Gale Law Group
525 Clifford Street
Corpus Christi, TX 78404

Employment Mediation

There aren’t many controversies that are more damaging to a business than an employment dispute. Even one major dispute can lead to the erosion of a large number of assets because of legal fees and even a jury award. A conflict with an important executive can be devastating to the most established company, because the process of handling the dispute can distract and unnerve what would otherwise be a strong and efficient management team. A situation like this needs a strategy that will eliminate the possibility of disruption and distraction — all while minimizing the financial and emotional cost to the business.

Mediation is a voluntary and confidential process where an impartial person (who is referred to as a “mediator”) helps two parties to resolve a dispute in a way that’s mutually acceptable, but he or she doesn’t have the authority to make decisions. Employment mediation and other forms of Alternative Dispute Resolutions (ADR’s) are informal options that can be used instead of more traditional litigation processes. Mediation is more flexible and takes a more cooperative approach to solving problems.

employment mediation

What is Employment Mediation?

Companies will often use litigation to resolve employment disputes, because management doesn’t understand the consequences of using this strategy. Not to mention, the psychological impact it can have on the business. Once the litigation process has started, it’s very difficult (or even impossible) to stop. One step of the litigation process leads to the next, and companies who take this approach often find themselves resolving cases in the courtroom after all the economic, political, and emotional costs have been spent.

When employees (whether they’re current or terminated) make a claim against you, it’s usually in the interests of both parties to at least try to resolve the issue by using employment mediation. An experienced mediator will meet with both parties to help them resolve their dispute. It will significantly increase your chances of coming up with a resolution, because it encourages both parties to openly communicate about their interests and to come up with a resolution that meets the needs of everyone involved. Neither party is required to accept any recommendations that the mediator might make. Any settlement and its terms are up to both parties to agree upon, and the entire process is confidential.

When is Employment Mediation a Good Idea?

Mediation can be mandated by the courts, but it can also be a requirement because of agency regulations or employment agreements. Mediation usually happens soon after a complaint has been made to an employer, agency, or court. But parties can go through the process on their own at any time throughout the dispute resolution process.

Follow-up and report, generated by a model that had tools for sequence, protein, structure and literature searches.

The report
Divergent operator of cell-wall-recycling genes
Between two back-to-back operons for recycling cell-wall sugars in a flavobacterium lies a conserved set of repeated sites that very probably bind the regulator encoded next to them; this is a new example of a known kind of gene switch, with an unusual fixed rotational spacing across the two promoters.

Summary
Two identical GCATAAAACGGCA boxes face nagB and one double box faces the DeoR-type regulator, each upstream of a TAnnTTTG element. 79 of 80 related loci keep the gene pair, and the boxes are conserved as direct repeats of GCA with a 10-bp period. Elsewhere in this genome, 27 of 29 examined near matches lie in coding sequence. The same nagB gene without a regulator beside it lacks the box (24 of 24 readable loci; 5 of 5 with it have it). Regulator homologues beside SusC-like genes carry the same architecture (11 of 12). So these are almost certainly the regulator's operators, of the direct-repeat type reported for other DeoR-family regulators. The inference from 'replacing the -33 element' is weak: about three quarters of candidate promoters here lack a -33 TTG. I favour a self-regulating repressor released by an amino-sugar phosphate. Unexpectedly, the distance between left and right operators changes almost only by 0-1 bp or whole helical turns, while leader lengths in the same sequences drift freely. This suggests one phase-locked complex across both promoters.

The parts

Parties may be encouraged to pursue employment mediation as soon as possible because it can preserve confidentiality, can take less time, and can cost less money. Producing documents for discovery can be expensive, but parties may decide to wait on the mediation process until they can evaluate the strength of every argument.

Employment mediation is usually pursued right before or right after an important court ruling (such as a summary judgment or a pre-and-post-trial appeal decision). Both parties may want to avoid the costs or uncertainties that can come with the litigation process (especially if it would weaken their case).

Who Can Serve as a Mediator?

The mediator who is assigned to help you resolve an employment dispute must be neutral, which means that he or she is not interested in profiting from either side. For most types of employment mediation, a state-appointed representative will usually act as the mediator. Most employment disputes are resolved by filing with a state employment dispute agency, which will offer mediation as an option.

A professionally-trained person can also act as a mediator, which can include any of the following people:

  • Lawyers.
  • Counselors.
  • Advisors.

This usually happens when the mediation is connected to a private lawsuit.

What are the Different Types of Employment Mediation?

Here are some of the different types of employment mediation:

  • EEO ADR Mediation — This involves an employee who believes that he or she has been discriminated against because of race, color, national origin, religion, age, disability (either physical or mental), sexual orientation, or genetic information. It can also apply if an employee believes that he or she has been retaliated against.
  • Administrative Grievance Mediation — This is a request for personal relief over any matter of concern or dissatisfaction related to the employment or condition of employment concerning the employer.
  • General Workplace Mediation — Someone can request employment mediation if he or she wants to resolve any issues or concerns that affect his or her daily work and doesn’t involve an EEO or Administrative Grievance complaint process.

If you’re looking for someone to help you with employment mediation in Corpus Christi, be sure to get in touch with Gale Law Group.